Many governments have also implemented measures to regulate or ban initial coin offerings or ICOs, a mechanism that cryptocurrencies use to raise funds. In countries like the Netherlands and New Zealand, these regulations depend on how the ICO is categorized in terms of being a derivative, a managed investment, a security, or a debt product. Countries like China and Pakistan, on the other hand, place a total ban on ICOs.
The Flip Side
Quite a few governments, on the other hand, have recognized the positives of the central structure and nature of cryptocurrencies, especially in the underlying technology of the blockchain. To that end, countries like Spain, Belarus, and Luxembourg are currently trying to create a regulatory system that is friendly to cryptocurrencies in order to attract investments for companies that operate in these sectors.
A few governments have gone the extra mile and tried to develop their own cryptocurrencies. Russia has gone on to develop a blockchain-based system for remote voting that, while not entirely tested and vetted, is rumored to be used in their impending by-elections.
Major countries like the United Kingdom, Denmark, Spain, Argentina, Switzerland, and Israel have legitimized cryptocurrencies by including them in the purview of taxation laws. In these countries, cryptocurrency earned from mining or investments can be categorized as capital gains, financial assets, income, or foreign currency acquisitions and can be taxed in the relevant manner. Along with this, a few countries and specific regions have also permitted the use of cryptocurrencies as a means of payment alongside their local currencies.
While the banking system and the hold of the government on fiat currencies and financial transactions have been under the scanner for a very long time, the focus has recently also shifted to the growing problems of the cryptocurrency realm. While anonymity and transparency have been the mainstays of the crypto market, there has been a considerable lack of transparency in practice in certain key areas. A lot of the early adopters have amassed large amounts of crypto and could well be involved in leveraging or manipulating the market. Bots have also been known to be involved.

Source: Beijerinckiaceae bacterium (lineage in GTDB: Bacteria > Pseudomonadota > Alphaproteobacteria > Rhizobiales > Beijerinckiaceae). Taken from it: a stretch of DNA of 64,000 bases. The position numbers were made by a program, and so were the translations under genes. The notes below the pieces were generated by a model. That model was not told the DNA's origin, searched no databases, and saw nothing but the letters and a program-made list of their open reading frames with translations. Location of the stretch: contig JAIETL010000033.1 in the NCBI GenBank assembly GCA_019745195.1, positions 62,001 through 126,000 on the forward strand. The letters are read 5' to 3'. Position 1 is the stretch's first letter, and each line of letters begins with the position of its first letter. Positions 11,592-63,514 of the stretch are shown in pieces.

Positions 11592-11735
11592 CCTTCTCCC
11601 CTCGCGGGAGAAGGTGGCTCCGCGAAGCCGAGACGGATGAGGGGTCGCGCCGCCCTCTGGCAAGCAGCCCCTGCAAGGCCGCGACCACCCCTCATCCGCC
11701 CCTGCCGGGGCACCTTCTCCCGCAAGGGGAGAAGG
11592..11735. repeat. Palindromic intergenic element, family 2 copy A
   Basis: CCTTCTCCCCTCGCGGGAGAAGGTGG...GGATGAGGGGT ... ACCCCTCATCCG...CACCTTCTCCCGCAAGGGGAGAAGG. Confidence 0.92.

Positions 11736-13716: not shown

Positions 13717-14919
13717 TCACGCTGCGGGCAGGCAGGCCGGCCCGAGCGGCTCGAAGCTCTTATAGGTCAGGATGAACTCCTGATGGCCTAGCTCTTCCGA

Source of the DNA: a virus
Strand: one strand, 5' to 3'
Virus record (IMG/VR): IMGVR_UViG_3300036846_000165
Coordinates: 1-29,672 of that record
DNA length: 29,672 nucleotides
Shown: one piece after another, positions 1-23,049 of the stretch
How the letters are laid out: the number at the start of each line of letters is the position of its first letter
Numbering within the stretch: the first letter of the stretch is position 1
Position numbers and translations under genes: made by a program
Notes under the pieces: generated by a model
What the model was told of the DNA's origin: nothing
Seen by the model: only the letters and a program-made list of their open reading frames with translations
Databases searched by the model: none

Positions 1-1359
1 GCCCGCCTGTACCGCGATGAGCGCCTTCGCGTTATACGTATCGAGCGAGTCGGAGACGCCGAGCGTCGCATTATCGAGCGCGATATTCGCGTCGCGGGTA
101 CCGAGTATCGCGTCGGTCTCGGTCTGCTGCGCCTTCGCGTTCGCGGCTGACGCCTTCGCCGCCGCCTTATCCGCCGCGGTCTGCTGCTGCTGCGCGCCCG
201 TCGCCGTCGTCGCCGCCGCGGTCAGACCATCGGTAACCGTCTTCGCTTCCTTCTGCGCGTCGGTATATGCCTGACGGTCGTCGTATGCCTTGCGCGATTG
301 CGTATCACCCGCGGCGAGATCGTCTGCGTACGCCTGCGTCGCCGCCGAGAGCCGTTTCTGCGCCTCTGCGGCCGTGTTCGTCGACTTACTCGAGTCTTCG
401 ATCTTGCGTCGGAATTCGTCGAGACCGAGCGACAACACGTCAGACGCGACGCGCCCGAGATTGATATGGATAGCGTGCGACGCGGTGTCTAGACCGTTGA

The much-vaunted anonymity of cryptocurrencies is also in jeopardy. While the currency is by nature anonymous, mainstream adoption of it has paved the way for organizations to collect vast amounts of personal information regarding its users. For example, most end-users would require the use of an intermediary service to invest in crypto and most such intermediaries require a number of personal details for registration. Many online stores and crypto exchanges also require users to submit personal information on file and track IP addresses and other details.
The crypto market has also been known to be volatile and prone to deflation. Specific popular cryptocurrencies have proven difficult to replicate. Fraud, hacking attacks, and crypto theft are some of the most crucial concerns as many investors and businesses have sustained large losses due to security issues. In court battles involving these matters, the court systems have by and large swayed towards holding the involved crypto exchanges accountable, as evidenced latest by the NY Supreme Court rejecting an appeal by Bitfinex involving substantial lost funds.
On the other hand, Wyoming has recently approved the first SPDI or special purpose depository institution status of Kraken, effectively turning it into a bank. Being a state-chartered bank gives Kraken Financial seamless access to the federal payments infrastructure and allows them to freely operate in many more jurisdictions. These developments can answer a few questions regarding the fate of cryptocurrencies and the attitudes of governments around the world towards the rising tide of cryptocurrencies and altcoins. As the adoption of cryptocurrencies increases further and the market compels the ecosystem to confront its problems and find viable solutions, governments would also be likely to improve their understanding of the crypto market and refine its strategies regarding regulation and control. With the passage of time, we can expect to see The Cryptocurrency Dilemma develop further and move towards a more decisive conclusion.
Benjamin Roussey is from Sacramento, CA but now lives in Arizona. His bachelor’s degree is from CSUS (1999) where he was on a baseball pitching scholarship and he completed 4 years in the US Navy. He has an MBA in Global Management from the Univ. of Phoenix (2006).